Sustainable concepts and practices have taken a centre-stage in different fields of studies and professions. This is because human activities continue to threaten the carrying capacity of earth resources as well as life basic needs such as shelter. Ghana, a developing nation, has been characterized with a boom in construction activities. In almost every constructional work, Portland cement remains the main binding agent that is used to bind aggregates together in a monolithic unit. The overdependence of the Ghanaian construction industry on Portland cement has contributed to huge sums of foreign exchange used to import cement ingredients, high cost of buildings and annual artificial shortages of cement which leads to high cost of the product. In this work, alternative binding agent—pozzolana cement, is reported with regards to the theory behind its utilization, laboratory results and practical applications. Results obtained from both the laboratory and the field works have shown that the future binder for the Ghanaian construction industry is pozzolana cement. CSIR-Building and Road Research Institute recommends it for the construction industry for use in various forms of construction such as block making, concrete and mortar works.
 H. M. Hosseini and S. Kaneko, “Dynamic Sustainability Assessment of Countries at the Macro Level: A Principal Component Analysis,” Ecological Indicators, Vol. 11, No. 3, 2011, pp. 811-823.
 N. Arman, J. Zuo, L. Wilson, G. Zilante and S Puller, “Challenges of Responding to Sustainability with Implications for Affordable Housing,” Ecological Economics, Vol. 68, No. 12, 2009, pp. 3034-3041.
 M. W. Anderson, M. Tiesl and C. Noblet, “Giving Voice to the Future in Sustainability: Retrospective Assessment to Learn Prospective Stakeholder Engagement,” Ecological Economics, Vol. 84, 2012, pp. 1-6.
 J. M. Alwood, J. M. Cullen and R. L. Milford, “Option for Achieving a 50% Cut in Industrial Emissions by 2050,” Environmental Science and Technology, Vol. 44 No. 6, 2010, pp. 1888-1894.
 J. Faludi, “Concrete: A Burning Issue, World Changing,” 2004. www.worldchanging.com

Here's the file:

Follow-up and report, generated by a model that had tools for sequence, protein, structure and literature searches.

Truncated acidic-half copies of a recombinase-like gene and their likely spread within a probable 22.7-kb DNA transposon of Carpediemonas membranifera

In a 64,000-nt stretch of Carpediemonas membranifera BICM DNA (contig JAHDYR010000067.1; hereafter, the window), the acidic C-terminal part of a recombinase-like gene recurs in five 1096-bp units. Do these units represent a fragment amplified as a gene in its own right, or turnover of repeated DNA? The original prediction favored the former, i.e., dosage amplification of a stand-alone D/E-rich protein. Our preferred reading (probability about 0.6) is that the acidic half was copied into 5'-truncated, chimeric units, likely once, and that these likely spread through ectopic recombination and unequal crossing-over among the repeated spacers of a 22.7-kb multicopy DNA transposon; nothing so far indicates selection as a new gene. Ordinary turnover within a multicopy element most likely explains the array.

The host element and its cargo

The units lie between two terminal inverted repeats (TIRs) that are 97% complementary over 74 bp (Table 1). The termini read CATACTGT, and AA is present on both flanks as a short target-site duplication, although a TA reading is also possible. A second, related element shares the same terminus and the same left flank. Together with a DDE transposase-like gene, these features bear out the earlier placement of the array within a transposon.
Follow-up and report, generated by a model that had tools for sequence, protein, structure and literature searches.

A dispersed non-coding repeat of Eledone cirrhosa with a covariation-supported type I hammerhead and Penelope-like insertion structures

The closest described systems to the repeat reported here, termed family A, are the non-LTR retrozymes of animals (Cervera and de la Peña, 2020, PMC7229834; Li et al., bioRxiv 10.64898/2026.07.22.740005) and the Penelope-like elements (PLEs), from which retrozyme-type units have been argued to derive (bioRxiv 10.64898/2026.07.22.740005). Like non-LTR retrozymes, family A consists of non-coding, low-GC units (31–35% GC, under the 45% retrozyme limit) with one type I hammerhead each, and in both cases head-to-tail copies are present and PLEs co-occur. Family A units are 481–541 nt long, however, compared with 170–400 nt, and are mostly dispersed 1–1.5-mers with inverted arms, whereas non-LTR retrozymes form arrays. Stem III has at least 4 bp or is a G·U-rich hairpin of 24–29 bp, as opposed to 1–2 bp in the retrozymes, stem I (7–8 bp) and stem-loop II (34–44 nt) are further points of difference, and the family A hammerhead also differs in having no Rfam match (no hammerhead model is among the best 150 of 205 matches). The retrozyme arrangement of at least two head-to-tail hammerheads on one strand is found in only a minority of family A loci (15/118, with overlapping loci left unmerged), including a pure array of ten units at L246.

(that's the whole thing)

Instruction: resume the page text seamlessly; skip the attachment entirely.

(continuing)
V. M. Malhotra and R. T. Hemmings, “Blended Cement in North America—A Review,” Cement and Concrete Composites, Vol. 17, No. 1, 1995, pp. 23-35.
 M. Singh and M. Garg, “Reactive Pozzolana from India Clays—Their Use in Cement Mortars,” Cement and Concrete Research, Vol. 36, No. 10, 2006, pp. 1903-1907.
 N. J. Coleman and C. L. Page, “Aspects of the Pore Solution Chemistry Hydrated Cement Pastes Containing MK,” Cement and Concrete Research, Vol. 27, No. 1, 1997, pp. 147-154. http://dx.doi.org/10.1016/S0008-8846(96)00184-6
 B. Samet, T. Mnif and M. Chaaboni, “Use of Kaolinitic Clay as a Pozzolanic Material for Cements: Formulation of Blended Cement,” Cement and Concrete Composite, Vol. 29, No. 10, 2007, pp. 741-749.
 S. Wild, J. M. Khatib and A. Jones, “Relative Strength Pozzolanic Activity and Cement Hydration in Superplasticised MK Concrete,” Cement and Concrete Composite, Vol. 26, No. 10, 1997, pp. 1537-1544.
 E. Atiemo, “Production of Pozzolana from Some Local Clays-Prospects for Application in Housing Construction,” Journal of the Building and Road Research Institute, Vol. 9, No. 1-2, 2005, pp. 34-37.
 B. B. Sabir, S. Wild and J. Bai, “Metakaolin and Calcined Clays as Pozzolanas for Concrete: A Review,” Cement and Concrete Composites, Vol. 23, No. 6, 2001, pp. 441-454. http://dx.doi.org/10.1016/S0958-9465(00)00092-5